Chafing under the restraints of the traditional government structure. Moses invented an entirely new form of "public" entity, one which would allow him the freedom he wanted. Called a public authority, it was based on a simple idea. Because the government could not always afford the huge expenditures necessary to build major construction projects like bridges and highways. Moses set up quasi-public corporations--beginning with the Triborough Bridge Authority--which would sell bonds, build the projects with the funds, and pay the investors back with revenue from tolls. A mayor might select the members of the authority's board of directors, but once the bonds were sold the government could not interfere with construction because of the sanctity of the contract between the bond-holders and the authority.
And as the toll money began coming in from the Moses projects, the revenue exceeded all estimates. Prompted by streamlined access to the city, more and more cars began to choke the city streets. And because the authority had so much money. Moses could build even more highways and bridges, which he said would relieve the congestion. But the cars--and the tolls--kept coming, and Moses would promise that just one more highway would speed the traffic. It never did. And no one was there to say no, to say that the city had enough cars and enough highways. Robert Moses was "above politics:" his word could not be challenged.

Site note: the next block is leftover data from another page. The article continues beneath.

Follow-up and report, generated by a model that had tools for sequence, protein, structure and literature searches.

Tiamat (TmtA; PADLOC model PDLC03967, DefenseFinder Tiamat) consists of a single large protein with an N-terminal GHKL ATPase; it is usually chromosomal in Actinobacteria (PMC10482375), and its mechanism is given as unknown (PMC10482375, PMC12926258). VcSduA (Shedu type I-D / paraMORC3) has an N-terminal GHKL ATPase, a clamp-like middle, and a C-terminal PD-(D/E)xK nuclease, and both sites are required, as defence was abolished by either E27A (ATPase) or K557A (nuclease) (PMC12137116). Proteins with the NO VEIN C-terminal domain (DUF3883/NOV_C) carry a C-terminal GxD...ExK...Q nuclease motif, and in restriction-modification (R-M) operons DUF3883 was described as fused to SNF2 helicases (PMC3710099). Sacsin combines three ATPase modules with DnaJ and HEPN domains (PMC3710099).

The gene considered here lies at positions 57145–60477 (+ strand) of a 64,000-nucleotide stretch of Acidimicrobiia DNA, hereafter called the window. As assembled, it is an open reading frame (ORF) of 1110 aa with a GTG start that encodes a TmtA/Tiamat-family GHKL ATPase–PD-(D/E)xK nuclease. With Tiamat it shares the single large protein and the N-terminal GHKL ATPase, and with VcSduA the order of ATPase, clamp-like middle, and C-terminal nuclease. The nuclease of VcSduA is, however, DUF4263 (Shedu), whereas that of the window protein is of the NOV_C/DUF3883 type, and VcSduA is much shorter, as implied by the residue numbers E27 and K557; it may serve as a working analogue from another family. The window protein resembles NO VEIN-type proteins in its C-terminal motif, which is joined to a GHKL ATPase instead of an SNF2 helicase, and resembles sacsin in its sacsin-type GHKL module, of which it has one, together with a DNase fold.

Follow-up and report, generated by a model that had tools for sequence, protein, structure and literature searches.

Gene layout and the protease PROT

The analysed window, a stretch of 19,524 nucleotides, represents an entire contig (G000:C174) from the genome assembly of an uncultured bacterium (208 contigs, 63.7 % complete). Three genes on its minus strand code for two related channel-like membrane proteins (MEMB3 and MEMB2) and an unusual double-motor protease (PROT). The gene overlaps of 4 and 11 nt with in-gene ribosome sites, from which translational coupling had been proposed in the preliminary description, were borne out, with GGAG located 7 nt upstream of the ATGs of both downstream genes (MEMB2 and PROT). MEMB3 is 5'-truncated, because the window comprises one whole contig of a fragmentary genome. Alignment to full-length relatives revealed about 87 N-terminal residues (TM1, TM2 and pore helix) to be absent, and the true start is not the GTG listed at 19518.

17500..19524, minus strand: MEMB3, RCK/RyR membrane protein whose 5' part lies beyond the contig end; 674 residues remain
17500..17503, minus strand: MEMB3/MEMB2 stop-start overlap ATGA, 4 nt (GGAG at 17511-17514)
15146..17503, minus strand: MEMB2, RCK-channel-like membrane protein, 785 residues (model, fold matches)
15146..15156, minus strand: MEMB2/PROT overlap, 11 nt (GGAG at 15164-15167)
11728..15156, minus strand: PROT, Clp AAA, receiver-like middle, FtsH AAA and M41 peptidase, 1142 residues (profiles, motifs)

Once, in 1934, President Franklin D. Roosevelt, then at the height of his powers, tried to get rid of Moses. It wasn't a clash of principles; Moses and Roosevelt had hated each other since FDR's days as governor of New York. The President simply wanted his own men distributing the construction money into the nation's biggest city. Using Secretary of the Interior Harold L. Ickes as the hit-man. Roosevelt pressured Mayor Fiorello LaGuardia to fire Moses from the Triborough Board. Fearing a huge outcry in the city if he fired the man "above politics," La Guardia refused, Eventually, Roosevelt had to give in and let Moses remain, a great humiliation to the President. Such was the dimension of Moses' power.
For nearly 50 years Moses ruled, protected by his reputation. unfettered by restraints. Perhaps he cannot be faulted for his decisions to make New York a city for the automobile, incorrect though that decision may now appear. Moses' days of high-way-building were also days of cheap gasoline and ever-bigger cars; few voices spoke forcefully for the future of mass transportation. The tragedy was that Moses was allowed to rule alone, beyond the view of a public that might not have liked the truth about the man.
The cult of the expert, checked solely by conscience--if, indeed, by that--and not by politics, spread far beyond the borders of New York. Though Progressivism made the most political hay of numerical efficiency, the obsession did not die with the movement. Robert McNamara's body counts, and indeed the entire Vietnam experience in this country, probably did more than anything to prove the futility of excessive reliance on the numbers--on the experts. Robert Moses, Doctor Moses, as he liked to be called, had all the numbers, all the plans; the political mud was never slung at him. As much as it seemed so at the time. Moses did not have all the answers, but the public never knew. Until it was too late, no one even had the chance to ask the questions.